Hemingway and Chekhov’s gun
August 31, 2019 — 6:10

Author: Dorothy Johnston  Category: Uncategorized  Comments: 3

Much as I dislike agreeing with Ernest Hemingway about anything, I find I am in agreement with him about Chekhov’s gun.

Hemingway’s views on hunting and bullfighting would alone be enough to put me off, but when I was staying at the Chateau de Lavigny (a Swiss writers residence) back in 2006, I found a marvellous collection of letters in the library. Famous writers from Europe and the United States had stayed at Lavigny over the years and the extract below is from a letter Hemingway wrote in the 1930s to his German publisher.

Hemingway was nursing a broken arm, having shot ‘a big horn mountain sheep ram, two bears and a bull elk’. Clearly the confinement caused by his injury didn’t suit him, since his letters at that time are full of complaints.

‘I have been here for a month with my right arm broken off clean below the shoulder, so I have not answered your cables or letters. Will you please send me press reviews of Farewell to Arms and some copies of Manner. I have never yet received even one copy of Manner. If you do not treat me better about books and make me more money, I will have to get another publisher.’

Some readers might applaud this forceful attitude, but to me it smacks of the egotism I associate with Hemingway.

So what is it about ‘Chekhov’s gun’ that finds me reluctantly siding with him?

The principle, stated simply, is that writers should not make narrative promises to readers that they don’t fulfil. The image Chekhov famously used was a rifle hanging on the wall.

‘If you say in the first chapter that there is a rifle hanging on the wall, in the second or third chapter it absolutely must go off. If it’s not going to be fired, it shouldn’t be hanging there.’ (quoted in Chekhov: The Silent Voice of Freedom.)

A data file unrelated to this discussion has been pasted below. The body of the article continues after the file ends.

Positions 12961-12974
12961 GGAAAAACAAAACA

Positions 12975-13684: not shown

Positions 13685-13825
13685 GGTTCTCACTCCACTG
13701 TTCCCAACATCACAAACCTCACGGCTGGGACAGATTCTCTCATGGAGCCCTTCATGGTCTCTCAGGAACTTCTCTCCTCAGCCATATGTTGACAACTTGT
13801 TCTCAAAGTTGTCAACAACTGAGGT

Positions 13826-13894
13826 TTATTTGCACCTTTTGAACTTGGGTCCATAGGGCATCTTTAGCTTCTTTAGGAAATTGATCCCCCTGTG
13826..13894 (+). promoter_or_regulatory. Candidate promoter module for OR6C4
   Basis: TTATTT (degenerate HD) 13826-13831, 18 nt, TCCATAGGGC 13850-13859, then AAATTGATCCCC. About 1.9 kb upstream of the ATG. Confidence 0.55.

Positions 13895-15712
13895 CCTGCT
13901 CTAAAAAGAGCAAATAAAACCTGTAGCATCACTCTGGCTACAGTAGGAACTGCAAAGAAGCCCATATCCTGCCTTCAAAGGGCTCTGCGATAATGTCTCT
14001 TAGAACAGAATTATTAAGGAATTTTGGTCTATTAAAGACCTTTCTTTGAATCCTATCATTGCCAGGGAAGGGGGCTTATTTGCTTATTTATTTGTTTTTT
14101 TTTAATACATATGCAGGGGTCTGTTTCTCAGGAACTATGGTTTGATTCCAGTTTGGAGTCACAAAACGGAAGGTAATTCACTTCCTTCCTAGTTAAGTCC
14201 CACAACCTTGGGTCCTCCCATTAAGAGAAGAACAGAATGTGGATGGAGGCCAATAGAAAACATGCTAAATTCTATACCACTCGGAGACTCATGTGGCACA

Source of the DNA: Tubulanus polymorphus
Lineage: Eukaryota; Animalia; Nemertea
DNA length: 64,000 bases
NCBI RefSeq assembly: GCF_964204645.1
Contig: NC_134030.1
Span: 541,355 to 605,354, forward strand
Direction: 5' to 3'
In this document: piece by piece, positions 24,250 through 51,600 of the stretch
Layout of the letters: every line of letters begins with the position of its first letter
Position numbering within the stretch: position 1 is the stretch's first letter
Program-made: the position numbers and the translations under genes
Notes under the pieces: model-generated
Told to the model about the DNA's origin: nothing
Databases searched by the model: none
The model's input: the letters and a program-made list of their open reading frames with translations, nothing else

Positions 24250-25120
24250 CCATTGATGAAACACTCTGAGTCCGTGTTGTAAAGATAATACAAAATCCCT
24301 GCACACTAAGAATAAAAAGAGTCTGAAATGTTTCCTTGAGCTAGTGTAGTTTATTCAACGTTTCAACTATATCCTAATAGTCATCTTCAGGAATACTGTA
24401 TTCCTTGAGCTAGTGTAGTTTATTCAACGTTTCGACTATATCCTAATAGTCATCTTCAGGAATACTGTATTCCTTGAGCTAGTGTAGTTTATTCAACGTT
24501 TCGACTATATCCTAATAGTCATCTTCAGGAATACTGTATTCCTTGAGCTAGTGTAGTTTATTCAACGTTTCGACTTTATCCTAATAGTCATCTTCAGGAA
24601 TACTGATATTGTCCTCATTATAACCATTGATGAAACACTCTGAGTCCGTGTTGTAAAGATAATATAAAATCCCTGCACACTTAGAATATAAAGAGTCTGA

Not making false promises to readers sounds like a laudable principle, but, to return to the image of the gun, what if there’s not one hanging on the wall, but several? What if the wall is liberally decorated with guns? Should they all go off?

I’m thinking of ‘red herrings’, and the important part they play in crime fiction. Do readers feel cheated when the ‘red herring’ gun fails to go off? I don’t. I don’t mind narrative cul de sacs, or inconsequential characters making cameo appearances.

Some writers do have all the guns going off; their narratives are full of bangs and blows. I’m not that kind: I find constant violent action irritating. As a reader, I prefer to puzzle out things alongside the protagonist (or protagonists). I like room for reflection.

Hemingway mocked Chekhov’s principle and valued inconsequential details. He cited instances in his short stories of characters who appear then disappear without making an obvious contribution to the plot.

I find it a sweet irony that Hemingway managed to break his arm while killing animals for so-called ‘sport’. If the shooting accident had been in one of his stories, rather than something that had actually happened to him, where was the narrative moment for which the accident was a ‘kept promise’ of the kind Chekhov had in mind?

It would be lovely if Chekhov were able to have the last word on this, but unfortunately he can’t. 

Hemingway had the last word when he committed suicide by shooting himself at the age of sixty-one. In that sense at least, all the former gunplay, the posturing and complaints weren’t false promises. The gun on the wall did go off many times and the last time it killed him.

  • I’ve always been dubious about that Chekhov principle too. Instead of a “narrative promise” it can too easily be an easily-spotted signal. It’s an interesting idea in relation to such a different writer as Dickens (I’m listening to Edwin Drood at the moment). Where would he be without all sorts of nooks and crannies and elaborate detail?

    September 1, 2019 — 4:22
  • Yes, Dickens is a good example, as is ‘Shadowplay’, the wonderful novel you led me to recently.

    September 1, 2019 — 22:54
  • Lee Brown

    I have to roll with Hemingway. In the first chapter of my book, DARK, the central character goes to the bank and sees a friend. The bank was never robbed and no loans were given out. They could have met on the sidewalk in front of a building excavation I suppose.

    September 13, 2020 — 20:07
  • Leave a Reply

    Your email address will not be published. Required fields are marked *